Llewellyn Jones was not originally from the Garw Valley he was actually born in Llantwit Fadre in 1868. His parents Elias and Mary moved to Pontycymer when he was 12 years old. Elias Jones was following his trade as a coal miner/shaft sinker and this was the period of the Garw’s history when coal mining was coming to the fore. At the age of 13 Llewellyn is shown as a class monitor /teachers aide at an unofficial school set up in the vestry of Bethel chapel, this was paid for in part by miners contributions.
He stayed at school until he was 16 and left to work at the Garw Fechan pit before becoming an apprentice to the Ffaldu Colliery blacksmith. After qualifying from this apprenticeship Llewellyn went on to be a blacksmith for a further 30 years. In 1886 he applied for membership of the Rose of Garw lodge of the Oddfellows Society. This organisation was a benevolent society and provided at the time the only source of health and unemployment insurance amongst other things for their members. By all accounts Llewellyn was a most active and resourceful member because he was voted to be the Lodge secretary shortly after joining ,and indeed after many years of service to the Oddfellows went on to become a National Grand Master in 1916.
In 1889, aged 21 he married Anne Williams 22. His bride was originally from Brynamman, but her family was now living in Lluest. The newlyweds moved in with his recently widowed mother in 18 Alexandra Rd. While Llewellyn was working as a Blacksmith an incident occurred when it is reported that “One of the cages got caught up with an obstruction in the shaft”.The story goes that Llewellyn climbed down the shaft and while holding on with one hand freed the blockage with a sledgehammer and then climbed back up.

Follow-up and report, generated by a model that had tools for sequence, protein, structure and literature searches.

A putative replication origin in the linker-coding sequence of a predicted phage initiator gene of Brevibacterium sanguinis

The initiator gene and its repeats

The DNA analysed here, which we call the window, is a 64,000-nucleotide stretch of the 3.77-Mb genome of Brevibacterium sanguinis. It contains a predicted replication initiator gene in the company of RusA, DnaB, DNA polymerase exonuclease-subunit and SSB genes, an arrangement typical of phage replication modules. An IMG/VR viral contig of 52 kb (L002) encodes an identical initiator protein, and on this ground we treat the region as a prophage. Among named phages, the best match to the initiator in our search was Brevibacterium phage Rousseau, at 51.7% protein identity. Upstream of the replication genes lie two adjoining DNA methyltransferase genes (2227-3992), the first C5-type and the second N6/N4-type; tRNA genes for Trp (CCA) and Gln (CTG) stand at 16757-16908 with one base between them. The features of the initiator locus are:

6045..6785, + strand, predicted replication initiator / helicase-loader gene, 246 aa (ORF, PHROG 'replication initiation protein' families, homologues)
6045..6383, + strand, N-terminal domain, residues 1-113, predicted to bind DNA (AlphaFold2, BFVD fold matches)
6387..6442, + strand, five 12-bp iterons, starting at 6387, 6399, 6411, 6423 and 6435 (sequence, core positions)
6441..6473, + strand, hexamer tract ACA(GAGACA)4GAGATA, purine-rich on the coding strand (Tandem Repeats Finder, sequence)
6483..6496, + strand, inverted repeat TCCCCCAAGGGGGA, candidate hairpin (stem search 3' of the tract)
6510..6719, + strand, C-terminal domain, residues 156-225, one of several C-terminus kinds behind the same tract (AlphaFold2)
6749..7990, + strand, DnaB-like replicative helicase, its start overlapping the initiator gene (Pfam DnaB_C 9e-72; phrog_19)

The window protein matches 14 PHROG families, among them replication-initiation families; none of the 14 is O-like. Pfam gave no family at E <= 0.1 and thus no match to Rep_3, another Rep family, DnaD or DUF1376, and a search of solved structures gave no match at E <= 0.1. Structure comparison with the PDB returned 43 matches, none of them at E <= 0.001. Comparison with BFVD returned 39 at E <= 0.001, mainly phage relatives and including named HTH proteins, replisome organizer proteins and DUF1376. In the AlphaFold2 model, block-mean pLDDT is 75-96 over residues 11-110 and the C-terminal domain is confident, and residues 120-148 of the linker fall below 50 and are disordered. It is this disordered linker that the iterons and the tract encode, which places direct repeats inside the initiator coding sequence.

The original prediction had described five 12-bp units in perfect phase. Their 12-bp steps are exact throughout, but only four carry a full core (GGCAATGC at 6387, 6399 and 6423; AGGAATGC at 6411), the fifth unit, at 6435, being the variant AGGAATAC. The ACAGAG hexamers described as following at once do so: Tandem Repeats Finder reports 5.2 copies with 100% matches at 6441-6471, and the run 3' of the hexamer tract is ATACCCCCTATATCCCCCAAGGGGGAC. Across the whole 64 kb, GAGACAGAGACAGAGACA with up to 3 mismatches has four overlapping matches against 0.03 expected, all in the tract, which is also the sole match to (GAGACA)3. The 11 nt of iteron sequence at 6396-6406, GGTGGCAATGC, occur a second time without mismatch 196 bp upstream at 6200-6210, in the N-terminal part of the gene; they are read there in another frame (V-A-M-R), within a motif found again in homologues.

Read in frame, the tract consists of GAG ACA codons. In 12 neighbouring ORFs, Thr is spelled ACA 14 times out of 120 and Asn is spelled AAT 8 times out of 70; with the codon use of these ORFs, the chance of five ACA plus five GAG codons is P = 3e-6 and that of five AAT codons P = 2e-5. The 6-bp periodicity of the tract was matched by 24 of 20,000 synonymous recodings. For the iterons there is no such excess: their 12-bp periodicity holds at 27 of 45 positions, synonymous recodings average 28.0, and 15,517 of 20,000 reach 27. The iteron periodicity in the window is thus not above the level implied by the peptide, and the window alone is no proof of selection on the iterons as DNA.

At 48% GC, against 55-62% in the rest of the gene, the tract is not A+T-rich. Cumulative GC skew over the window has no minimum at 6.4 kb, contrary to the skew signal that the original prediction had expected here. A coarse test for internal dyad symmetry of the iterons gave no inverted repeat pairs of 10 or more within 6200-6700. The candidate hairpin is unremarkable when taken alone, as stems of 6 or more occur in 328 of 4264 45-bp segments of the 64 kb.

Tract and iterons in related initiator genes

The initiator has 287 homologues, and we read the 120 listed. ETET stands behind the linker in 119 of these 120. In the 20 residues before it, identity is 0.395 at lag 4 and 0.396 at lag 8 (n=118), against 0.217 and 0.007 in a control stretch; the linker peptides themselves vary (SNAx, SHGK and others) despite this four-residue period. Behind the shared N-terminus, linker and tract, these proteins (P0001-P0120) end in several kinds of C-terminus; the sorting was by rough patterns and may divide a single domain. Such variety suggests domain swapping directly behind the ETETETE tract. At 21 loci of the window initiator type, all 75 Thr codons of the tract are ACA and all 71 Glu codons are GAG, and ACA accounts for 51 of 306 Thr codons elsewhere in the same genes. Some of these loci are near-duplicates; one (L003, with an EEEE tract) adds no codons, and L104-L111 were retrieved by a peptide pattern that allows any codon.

Anne Jones gave birth to their first child Elias John in 1892,the couple went on to have Arthur Llewellyn in 1895, Brinley William 1898, and Towyn David in 1900, unfortunately Towyn was to die 11 months later.
In 1902 Llewellyn became a founder member of the Pontycymmer Co-operative Society, he spent the next 30 years as a director of the Society helping to make it one of the richest Co-operatives in the U. K. with an annual turnover of £1,000,000.
In 1905 Llewellyn entered the world of local politics by being the first representative for Pontycymmer on the Garw Urban District Council. He went on to become the Chairman of this body 3 times in his 30 years of service. In 1911 there were great changes in throughout this countries industry, When the National Insurance Act was introduced, because the government were basing their calculations on the Oddfellows actuarial tables Llewellyn Jones was very involved in ensuring the smooth running of this enterprise. Around this time he and Anne adopted a baby girl who’s mother had died in childbirth, they called the child Nancy.
In 1913 Llewellyn became secretary of the newly formed Garw Medical Aid Society and he stayed in this role until it was adopted into the National Health Service in 1948. However it was not all ‘plain sailing’ for the G.M.A.S. The British Medical Council were anxious to prevent any of their members working for such organisations. At one time Llewellyn had to tour the Welsh coalfields in a hired car to search for Doctor’s willing to work for the Garw Medical Aid Society without fear of being struck off!